By Julie Symons - New Zealand journalist and world adventurer, currentling abiding in Switzerland.
The most horrible day of the year has passed and I'm still standing. In fact I'm noticeably upright, and that's the problem. I'm talking about Valentines Day here, the day you're supposed to be wined, dined and end up horizontal, not vertical. The day a small percentage of the female population get to walk around submerged under dozens of red roses, trying to wipe the grins off their faces so the remaining vast majority of us don't weep into our self-bought chocolate boxes in jealous depression.
A quick survey of my friends revealed what I'd suspected all along: Valentines Day is the most miserable day of the year. Even for those who have partners, there's always a nagging worry that the man will forget such a momentous occasion. (The slimeball!) At least the singles among us don't expect anything. It must be a horrible disappointment to spend the day in glorious anticipation only to return home to the sight of a beer-swigging, burping homosapian glued to the cricket on the tele.
And for the guy-less in my group, Valentines Day only suceeds in reminding us that we're heinously ugly losers destined to spend the rest of eternity in spinsterhood, knitting cardies for the neices and nephews and growing fat on T.V. dinners. Okay, so perhaps that's a little O.T.T., but my spirits do sink to an all time low on February 14th.
For me personally the perfect Valentines gift would be a card with a heart-felt message. In fact, after spending my teenage years totally Valentine-less, it's become quite an obsession. Even when past boyfriends gave me presents, without that cardboard symbol of Valentines Day I felt quite let down. This year a strictly platonic male friend sent me an electronic card. It was very sweet and made my day, but still I longed for the genuine thing, from a real, true-life boyfriend.
In a last ditch attempt at scoring my Valentine, I went to a Valentines party in Geneva. We played traffic lights: the desperate and dateless wore a green sticker, couples red, and the greedy partygoers who already had partners but wouldn't object to new ones wore orange. (Along with most of my single friends who didn't want to appear too, well, single.) About 250 of us crammed into a club that normally holds 50, and expectantly waited for Mr or Miss Right to walk into the room. And waited. And waited.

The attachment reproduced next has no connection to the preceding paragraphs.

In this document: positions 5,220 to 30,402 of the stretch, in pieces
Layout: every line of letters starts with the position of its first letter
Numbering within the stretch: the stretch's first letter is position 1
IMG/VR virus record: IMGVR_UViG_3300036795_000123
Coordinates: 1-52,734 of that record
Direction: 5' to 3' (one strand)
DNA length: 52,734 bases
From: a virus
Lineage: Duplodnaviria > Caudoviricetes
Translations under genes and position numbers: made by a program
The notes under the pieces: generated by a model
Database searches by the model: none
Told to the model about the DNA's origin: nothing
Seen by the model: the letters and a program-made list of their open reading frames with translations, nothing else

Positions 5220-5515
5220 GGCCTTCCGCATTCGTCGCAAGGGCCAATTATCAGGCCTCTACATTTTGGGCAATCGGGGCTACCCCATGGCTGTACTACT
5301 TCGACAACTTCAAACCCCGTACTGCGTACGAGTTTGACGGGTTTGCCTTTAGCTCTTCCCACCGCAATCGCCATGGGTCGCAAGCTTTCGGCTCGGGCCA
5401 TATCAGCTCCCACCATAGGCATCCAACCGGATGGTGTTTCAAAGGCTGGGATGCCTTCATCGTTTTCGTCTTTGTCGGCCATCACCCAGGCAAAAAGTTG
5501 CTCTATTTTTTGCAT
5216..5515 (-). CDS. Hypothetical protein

Okay, perhaps I have to conceed that Mr Right might indeed have been in the room but I wasn't likely to find out because I was too scared to mingle. In fact I don't think I said hello to a single male all evening, unless you count the doorman, the cloakroom attendant, and a guy who walked around distributing chocolate (now that's my kind of man).
Now I regret my shyness because, lets face it, Geneva isn't ripe for meeting people. If you walk around town you'll be approached by three types of people: Eastern Europeans after marriage for foreign passports, Middle Easterns for sex with "loose" western women, and Africans (I haven't yet sussed out what they're after). You never meet handsome, romantic, charming, funny, interesting, sexy, genuine elegible men. (I won't add rich to the list because that's just expecting too much!)
Women could be forgiven for wondering if there actually is such a thing as the perfect guy, except for the fact we occasionally hear stories of such novelties. One of my sisters, for example, received the whole shebang from her Romeo: flowers, chocolates and a teddy bear sent to her workplace (cue lots of envious sighs), followed by a romantic weekend away. It almost makes you sick.
I know I sound bitter and cynical. I suppose I'm getting in some practice for those future years of spinsterhood. But I can guarantee you one thing: I will be singing the praises of Valentines Day 2003 if I have someone to give me a card. Even though I'm already dreading the possibility I'll be Valentine-less, again.
Copyright Julie Symons 2002